1. When Jesus returned to Capernaum after some days, it was reported that he was at his home. 2. So many gathered around that there was no longer room for them, not even in front of the door; and he was speaking the word to them. 3. Then some people came, bringing to him a paralyzed man, carried by four of them. 4. And when they could not bring him to Jesus because of the crowd, they removed the roof above him; and after having dug through it, they let down the mat on which the paralytic lay. 5. When Jesus saw this he grew angry, “Why did you wreck my roof? Do you have any idea how much that cost to install? Do you know how many tables and chairs I had to make in my carpentry shop to pay for that roof? The reeds alone cost five talents. I had them carted in from Bethany.” 6. The disciples had never seen Jesus so angry about his possessions. He continued, “This house is my life. And the roof is the best part.” The disciples fell silent. 7. “It’s bad enough that you trash my private property, now you want me to heal you?” said Jesus, “And did you not see the stone walls around this house?” “Yes,” said the man’s friends. “Are these not the stone walls common to the towns and villages of Galilee?” 8. “No,” Jesus answered. “This is a gated community. How did you get in?” The man’s friends grew silent. 9. Then Jesus turned and said to the paralytic, “Besides, can’t you take care of your own health problems? I’m sure that your family can care for you, or maybe the synagogue can help out.” 10. “No, Lord,” answered the man’s friends. “There is no one. His injuries are too severe. To whom else can we go?” 11. “Well, not me,” said Jesus. “What would happen if I provided access to free health care for everyone? That would mean that people would not only get lazy and entitled, but they would take advantage of the system. 12. Besides, look at me: I’m healthy. And you know why? Because I worked hard for my money, and took care of myself.” The paralyzed man then grew sad and he addressed Jesus. “But I did work, Lord,” said the paralytic. “Until an accident rendered me paralyzed.” “Yes,” said the man’s friends. “He worked very hard.” 13. “Well,” said Jesus, “That’s just part of life, isn’t it?” “Then what am I to do, Lord?” said the paralytic. “I don’t know. Why don’t you sell your mat?” 14. All in the crowd then grew sad. “Actually, you know what you can do?” said Jesus. “You can reimburse me for my roof. Or I’ll sue you.” And all were amazed. 15. “We have never seen anything like this,” said the crowd.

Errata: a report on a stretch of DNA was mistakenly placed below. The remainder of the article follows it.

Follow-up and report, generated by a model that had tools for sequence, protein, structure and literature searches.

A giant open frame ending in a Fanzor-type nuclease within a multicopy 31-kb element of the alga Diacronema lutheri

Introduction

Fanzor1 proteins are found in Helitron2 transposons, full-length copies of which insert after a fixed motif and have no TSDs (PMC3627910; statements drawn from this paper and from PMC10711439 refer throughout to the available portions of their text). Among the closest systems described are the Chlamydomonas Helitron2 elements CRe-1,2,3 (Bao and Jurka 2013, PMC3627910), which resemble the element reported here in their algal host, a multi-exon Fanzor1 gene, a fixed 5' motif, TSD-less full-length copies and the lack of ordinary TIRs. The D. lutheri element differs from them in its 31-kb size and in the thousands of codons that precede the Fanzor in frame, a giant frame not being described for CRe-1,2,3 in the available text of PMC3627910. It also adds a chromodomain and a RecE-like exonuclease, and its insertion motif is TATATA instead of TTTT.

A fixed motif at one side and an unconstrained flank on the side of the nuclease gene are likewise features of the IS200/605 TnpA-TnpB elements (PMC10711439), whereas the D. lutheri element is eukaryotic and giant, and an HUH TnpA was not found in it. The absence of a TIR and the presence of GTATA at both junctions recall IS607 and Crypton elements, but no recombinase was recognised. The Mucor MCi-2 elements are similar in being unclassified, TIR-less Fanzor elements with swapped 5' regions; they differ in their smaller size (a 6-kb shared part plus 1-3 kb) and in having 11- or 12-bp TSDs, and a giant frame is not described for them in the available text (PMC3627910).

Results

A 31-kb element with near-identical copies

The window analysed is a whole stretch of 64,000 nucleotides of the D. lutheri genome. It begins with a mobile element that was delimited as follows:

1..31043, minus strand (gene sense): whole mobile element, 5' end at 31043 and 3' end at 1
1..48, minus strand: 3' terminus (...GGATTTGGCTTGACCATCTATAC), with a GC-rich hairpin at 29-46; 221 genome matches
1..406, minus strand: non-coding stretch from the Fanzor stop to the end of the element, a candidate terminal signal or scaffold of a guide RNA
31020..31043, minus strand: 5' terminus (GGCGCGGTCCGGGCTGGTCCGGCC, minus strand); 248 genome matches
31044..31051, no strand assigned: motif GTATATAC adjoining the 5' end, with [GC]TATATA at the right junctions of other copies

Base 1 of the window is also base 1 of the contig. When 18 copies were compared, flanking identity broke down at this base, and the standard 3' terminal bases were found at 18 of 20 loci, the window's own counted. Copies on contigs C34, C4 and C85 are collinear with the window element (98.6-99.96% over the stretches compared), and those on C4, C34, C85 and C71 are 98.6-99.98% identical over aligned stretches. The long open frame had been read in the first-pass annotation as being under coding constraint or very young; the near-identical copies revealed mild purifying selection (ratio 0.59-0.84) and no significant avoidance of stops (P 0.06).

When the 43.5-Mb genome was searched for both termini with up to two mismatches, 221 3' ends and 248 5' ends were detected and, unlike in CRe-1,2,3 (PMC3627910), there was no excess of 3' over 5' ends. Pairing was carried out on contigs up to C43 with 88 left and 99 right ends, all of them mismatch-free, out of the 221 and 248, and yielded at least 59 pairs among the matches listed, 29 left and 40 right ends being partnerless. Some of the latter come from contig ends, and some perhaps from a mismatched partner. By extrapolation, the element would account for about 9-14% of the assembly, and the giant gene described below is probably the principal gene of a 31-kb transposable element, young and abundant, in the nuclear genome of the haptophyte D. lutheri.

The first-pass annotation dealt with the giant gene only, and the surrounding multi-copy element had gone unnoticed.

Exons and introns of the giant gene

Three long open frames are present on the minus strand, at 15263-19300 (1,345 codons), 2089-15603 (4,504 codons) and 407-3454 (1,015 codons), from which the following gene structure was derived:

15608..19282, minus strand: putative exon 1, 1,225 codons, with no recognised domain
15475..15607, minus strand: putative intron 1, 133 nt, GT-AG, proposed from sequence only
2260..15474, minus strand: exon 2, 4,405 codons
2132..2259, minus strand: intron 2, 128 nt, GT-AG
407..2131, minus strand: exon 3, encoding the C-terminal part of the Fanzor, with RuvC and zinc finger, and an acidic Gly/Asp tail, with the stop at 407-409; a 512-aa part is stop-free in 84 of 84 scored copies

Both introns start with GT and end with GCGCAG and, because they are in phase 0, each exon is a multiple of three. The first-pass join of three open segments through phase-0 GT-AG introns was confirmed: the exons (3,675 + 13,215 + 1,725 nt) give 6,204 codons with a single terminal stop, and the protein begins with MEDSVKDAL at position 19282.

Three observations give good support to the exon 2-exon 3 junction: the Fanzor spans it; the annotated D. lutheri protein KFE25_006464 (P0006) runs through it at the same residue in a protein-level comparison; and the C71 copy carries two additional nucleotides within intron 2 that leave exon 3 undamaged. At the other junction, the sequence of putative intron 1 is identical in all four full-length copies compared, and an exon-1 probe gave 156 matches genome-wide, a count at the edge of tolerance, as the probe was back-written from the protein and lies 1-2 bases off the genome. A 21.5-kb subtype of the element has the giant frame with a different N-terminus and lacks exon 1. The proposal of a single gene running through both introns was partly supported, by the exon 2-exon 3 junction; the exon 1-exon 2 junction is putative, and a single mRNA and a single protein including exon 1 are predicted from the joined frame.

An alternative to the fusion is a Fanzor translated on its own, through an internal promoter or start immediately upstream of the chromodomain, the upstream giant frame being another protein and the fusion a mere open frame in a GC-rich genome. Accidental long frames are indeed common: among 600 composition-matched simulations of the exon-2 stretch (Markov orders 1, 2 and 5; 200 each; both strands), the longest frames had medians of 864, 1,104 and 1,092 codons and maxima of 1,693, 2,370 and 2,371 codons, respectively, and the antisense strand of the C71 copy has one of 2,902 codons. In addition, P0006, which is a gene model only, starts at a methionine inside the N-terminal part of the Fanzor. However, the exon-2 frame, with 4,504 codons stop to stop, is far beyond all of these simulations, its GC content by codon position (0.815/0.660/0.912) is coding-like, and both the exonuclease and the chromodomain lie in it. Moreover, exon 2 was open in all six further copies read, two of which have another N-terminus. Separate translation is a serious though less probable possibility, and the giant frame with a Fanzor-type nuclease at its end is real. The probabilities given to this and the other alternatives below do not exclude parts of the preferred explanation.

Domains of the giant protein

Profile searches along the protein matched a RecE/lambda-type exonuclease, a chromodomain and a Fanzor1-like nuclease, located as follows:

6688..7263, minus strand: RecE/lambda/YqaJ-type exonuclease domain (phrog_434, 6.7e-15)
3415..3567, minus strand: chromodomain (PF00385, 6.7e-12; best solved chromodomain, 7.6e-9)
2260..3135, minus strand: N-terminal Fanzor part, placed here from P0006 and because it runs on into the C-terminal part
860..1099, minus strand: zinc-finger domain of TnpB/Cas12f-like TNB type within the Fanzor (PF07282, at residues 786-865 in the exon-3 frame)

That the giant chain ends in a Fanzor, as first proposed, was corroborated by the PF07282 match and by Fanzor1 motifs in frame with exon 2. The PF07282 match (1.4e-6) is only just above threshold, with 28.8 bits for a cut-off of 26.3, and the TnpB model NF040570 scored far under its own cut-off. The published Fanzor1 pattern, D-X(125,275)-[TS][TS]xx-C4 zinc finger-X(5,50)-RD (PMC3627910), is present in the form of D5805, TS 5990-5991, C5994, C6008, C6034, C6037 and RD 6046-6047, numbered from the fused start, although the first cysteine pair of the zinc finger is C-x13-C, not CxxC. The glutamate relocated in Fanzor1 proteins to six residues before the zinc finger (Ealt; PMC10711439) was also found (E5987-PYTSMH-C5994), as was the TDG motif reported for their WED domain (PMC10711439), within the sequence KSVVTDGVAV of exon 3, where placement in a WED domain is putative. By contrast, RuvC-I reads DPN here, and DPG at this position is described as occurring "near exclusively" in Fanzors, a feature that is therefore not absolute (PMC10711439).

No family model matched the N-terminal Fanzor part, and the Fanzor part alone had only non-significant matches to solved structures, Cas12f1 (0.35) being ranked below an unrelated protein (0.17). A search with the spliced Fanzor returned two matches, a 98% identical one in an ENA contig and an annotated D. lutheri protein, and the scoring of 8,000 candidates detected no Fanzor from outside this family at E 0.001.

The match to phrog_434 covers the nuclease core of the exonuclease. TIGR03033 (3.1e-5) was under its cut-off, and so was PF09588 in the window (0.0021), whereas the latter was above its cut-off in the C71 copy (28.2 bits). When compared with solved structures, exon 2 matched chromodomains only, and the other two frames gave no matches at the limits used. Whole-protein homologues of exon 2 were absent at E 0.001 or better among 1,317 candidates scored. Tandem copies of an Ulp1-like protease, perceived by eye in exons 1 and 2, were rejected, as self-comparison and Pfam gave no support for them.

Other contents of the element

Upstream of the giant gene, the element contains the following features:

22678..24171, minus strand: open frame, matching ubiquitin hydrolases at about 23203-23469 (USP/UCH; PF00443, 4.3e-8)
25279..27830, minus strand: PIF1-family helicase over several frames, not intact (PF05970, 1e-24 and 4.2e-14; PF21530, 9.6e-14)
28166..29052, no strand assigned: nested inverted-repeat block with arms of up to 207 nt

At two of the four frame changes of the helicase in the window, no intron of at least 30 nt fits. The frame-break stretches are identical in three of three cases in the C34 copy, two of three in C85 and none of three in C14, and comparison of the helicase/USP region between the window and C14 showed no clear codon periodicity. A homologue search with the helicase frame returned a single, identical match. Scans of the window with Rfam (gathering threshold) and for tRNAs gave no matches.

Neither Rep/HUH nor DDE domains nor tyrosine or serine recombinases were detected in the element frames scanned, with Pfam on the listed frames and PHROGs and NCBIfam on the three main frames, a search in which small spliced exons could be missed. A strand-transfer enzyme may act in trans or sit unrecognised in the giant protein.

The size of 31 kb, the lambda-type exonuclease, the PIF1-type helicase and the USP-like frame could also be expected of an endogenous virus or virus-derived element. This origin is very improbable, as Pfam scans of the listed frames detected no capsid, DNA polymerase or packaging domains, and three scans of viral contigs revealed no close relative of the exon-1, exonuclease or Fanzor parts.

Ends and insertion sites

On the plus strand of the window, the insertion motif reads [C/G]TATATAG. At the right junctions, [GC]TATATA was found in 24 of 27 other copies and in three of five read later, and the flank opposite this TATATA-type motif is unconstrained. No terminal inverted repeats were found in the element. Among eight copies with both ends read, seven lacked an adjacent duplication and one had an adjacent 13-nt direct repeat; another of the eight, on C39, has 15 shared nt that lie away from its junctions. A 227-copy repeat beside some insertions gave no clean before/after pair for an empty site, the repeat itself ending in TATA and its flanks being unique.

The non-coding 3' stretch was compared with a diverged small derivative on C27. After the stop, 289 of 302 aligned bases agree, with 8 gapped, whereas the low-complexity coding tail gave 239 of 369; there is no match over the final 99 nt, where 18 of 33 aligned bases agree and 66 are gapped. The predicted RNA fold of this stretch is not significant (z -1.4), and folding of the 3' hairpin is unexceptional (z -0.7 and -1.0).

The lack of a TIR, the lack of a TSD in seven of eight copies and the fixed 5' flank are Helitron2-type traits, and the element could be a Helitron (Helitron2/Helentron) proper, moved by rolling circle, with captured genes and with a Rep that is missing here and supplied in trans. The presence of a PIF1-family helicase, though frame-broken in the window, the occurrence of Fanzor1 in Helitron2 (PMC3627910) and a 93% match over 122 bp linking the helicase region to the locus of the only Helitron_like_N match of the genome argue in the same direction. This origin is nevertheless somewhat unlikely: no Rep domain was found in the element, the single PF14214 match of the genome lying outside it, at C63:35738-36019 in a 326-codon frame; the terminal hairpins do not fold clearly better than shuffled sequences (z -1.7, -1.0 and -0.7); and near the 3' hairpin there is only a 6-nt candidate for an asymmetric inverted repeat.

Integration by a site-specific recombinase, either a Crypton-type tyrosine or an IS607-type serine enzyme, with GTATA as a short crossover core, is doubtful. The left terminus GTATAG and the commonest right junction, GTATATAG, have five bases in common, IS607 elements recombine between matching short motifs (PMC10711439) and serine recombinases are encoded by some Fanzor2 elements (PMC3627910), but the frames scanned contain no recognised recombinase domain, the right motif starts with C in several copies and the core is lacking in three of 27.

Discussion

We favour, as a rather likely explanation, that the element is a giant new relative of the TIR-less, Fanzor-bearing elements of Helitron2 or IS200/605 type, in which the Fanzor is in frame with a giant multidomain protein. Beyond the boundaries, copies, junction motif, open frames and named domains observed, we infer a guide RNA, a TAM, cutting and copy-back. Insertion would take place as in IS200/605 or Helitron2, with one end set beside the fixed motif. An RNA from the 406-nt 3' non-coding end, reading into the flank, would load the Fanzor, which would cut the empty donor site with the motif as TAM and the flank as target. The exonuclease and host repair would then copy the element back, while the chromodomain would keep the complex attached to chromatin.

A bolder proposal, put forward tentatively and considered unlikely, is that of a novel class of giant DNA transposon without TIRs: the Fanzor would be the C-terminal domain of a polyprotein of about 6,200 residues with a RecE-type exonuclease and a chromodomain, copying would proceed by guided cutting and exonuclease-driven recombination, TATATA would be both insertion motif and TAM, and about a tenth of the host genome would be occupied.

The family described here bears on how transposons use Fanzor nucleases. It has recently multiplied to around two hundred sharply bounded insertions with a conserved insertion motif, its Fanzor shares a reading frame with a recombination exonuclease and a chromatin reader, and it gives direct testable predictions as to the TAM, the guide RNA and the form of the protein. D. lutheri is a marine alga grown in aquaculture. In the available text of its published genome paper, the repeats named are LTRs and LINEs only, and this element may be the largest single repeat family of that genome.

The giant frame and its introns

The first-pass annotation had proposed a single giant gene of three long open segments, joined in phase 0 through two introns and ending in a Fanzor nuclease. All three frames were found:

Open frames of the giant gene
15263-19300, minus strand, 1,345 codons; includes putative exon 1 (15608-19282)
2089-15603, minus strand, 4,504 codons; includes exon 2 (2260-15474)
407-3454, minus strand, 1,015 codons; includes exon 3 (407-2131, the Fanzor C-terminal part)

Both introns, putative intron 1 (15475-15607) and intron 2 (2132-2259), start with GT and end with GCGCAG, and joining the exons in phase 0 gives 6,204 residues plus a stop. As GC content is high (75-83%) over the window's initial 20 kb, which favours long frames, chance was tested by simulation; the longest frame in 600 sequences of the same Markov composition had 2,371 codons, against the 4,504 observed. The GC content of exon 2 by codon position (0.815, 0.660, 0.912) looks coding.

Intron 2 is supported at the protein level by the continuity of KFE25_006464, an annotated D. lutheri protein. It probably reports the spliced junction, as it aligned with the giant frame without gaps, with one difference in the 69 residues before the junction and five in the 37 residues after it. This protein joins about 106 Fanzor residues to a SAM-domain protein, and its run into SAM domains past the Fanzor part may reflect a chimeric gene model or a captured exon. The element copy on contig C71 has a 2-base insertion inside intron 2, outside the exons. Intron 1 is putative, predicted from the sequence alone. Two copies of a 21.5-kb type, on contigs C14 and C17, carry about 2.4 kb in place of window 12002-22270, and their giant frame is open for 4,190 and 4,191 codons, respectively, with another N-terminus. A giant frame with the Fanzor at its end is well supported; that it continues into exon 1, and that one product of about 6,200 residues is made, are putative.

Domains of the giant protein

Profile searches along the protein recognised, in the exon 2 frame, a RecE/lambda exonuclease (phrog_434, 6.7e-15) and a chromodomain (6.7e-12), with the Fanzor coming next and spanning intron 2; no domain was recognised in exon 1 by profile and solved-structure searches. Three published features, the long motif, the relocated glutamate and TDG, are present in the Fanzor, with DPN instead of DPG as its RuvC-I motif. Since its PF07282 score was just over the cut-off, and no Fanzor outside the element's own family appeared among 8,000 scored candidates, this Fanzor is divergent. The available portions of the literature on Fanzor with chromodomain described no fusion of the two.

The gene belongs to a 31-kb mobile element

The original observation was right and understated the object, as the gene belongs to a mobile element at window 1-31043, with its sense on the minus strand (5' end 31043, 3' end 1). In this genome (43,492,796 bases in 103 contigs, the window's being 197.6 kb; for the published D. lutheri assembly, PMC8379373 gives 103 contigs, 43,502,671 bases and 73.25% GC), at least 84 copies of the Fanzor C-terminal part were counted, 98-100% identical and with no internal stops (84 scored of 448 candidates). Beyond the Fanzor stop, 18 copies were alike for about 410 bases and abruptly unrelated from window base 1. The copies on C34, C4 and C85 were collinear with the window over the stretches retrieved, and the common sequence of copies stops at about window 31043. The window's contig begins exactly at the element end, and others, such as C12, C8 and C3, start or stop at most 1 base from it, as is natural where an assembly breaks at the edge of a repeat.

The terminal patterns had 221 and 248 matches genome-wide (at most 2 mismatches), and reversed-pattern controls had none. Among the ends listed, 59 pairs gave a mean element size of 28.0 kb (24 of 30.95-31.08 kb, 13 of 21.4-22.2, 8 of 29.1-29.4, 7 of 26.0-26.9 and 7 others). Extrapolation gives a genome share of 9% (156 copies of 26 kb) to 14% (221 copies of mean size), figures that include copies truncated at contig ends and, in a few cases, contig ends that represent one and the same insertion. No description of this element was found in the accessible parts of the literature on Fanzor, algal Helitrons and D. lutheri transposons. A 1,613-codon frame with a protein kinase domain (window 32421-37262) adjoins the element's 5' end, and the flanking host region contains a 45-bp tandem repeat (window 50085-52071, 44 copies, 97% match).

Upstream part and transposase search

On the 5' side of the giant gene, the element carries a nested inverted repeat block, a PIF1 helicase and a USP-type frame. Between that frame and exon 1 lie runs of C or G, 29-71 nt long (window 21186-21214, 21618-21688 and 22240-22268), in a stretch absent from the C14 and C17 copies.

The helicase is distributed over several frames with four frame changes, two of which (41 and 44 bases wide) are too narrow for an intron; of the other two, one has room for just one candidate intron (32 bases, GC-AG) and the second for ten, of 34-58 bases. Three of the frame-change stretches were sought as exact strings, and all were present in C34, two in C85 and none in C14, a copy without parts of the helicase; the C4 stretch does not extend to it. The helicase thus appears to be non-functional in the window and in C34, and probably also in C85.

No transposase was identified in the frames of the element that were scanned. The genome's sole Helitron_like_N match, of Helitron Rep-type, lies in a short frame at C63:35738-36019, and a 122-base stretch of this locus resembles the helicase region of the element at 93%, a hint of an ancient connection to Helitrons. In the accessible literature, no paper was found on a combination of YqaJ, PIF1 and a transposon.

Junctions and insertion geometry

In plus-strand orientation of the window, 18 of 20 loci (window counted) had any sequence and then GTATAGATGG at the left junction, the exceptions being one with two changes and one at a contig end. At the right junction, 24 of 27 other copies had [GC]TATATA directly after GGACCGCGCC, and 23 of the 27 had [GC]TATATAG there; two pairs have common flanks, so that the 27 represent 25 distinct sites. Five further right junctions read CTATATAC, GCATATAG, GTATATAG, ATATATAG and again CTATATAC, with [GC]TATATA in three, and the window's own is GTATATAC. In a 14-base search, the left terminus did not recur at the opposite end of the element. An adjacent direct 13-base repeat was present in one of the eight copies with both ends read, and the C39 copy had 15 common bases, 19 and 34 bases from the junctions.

More here.

FDA Approves new HIV Treatment

English: Logo of the .

The FDA approved “the Quad”- a four-medication-in-one-pill treatment for controlling HIV. Two of the medications comprising Stribild, tenofovir and emtricitabine, have been previously combined and sold under the brand name Truvada (itself approved a few weeks ago as a preventative or prophylactic for HIV, see related articles below).

Two of the medications are new, and – as a condition of approval- will require greater testing in women and children, as well as studying possibilities and occasions of resistance.

This is good news.

Simplifying regimens is a helpful strategy in helping keep HIV-infected persons faithful to their medication schedules, a key in effectively treating HIV. Cost is yet to be determined- and most HIV regimens cost in excess of $18,000.00 a year (mine cost $24k).

Still no picnic- but good news for those who need a simpler med schedule.

Hard Truths (About Gay Men & HIV)

From NAPWA’s Positive Voice Newsletter:

National Gay Men’s HIV/AIDS Awareness Day – NGMHAAD – is coming September 27, three months to the day after National HIV Testing Day, and hard on the heels of July’s landmark International AIDS Conference (IAC) in Washington, D.C. We have two messages this year: Be aware, know your risk, and, Let’s end this epidemic! Because we matter – and we can.

Speaker after speaker at IAC returned to this year’s good but challenging news: yes, we still need more science to stamp out HIV – more and better antivirals, an effective vaccine, and a functional cure - but we already have all the biomedical tools we need to make new HIV infections a thing of the past. The hard part is reaching “key populations” – groups with high rates of existing infections and new infections because they have been marginalized, stigmatized, denied civil rights, and excluded from health care.

NGMHAAD is for one of those “key populations:” this country’s men who have sex with men (MSM). NAPWA founded NGMHAAD in 2008 because we want them to know the epidemic isn’t over. We want them to know how high their HIV risk really is – because so many are already infected, and too many don’t know it. And we want them to know that we’ve come a long way since AIDS was first reported in 1981, and even further since Stonewall, but stigma is still driving this epidemic and gay men don’t have to take it anymore.

So let’s look at some numbers and see what that the gay men’s HIV epidemic looks like in the U.S.

The July 28 issue of The Lancet opened an admirable series of articles on HIV among gay men worldwide with a look at epidemiology, and reported that HIV prevalence among men who have sex with men in its North American region is a jaw-dropping 15.4% - almost one in six. The real prevalence may be a little lower - The Lancet assumes that only 3.7% of American men are MSM, a number we think is too low, and raising the estimated number of MSM would reduce the calculated prevalence a little – but it’s still clear that prevalence is breathtakingly higher among MSM than in the rest of the population.

Let’s calculate just how much higher.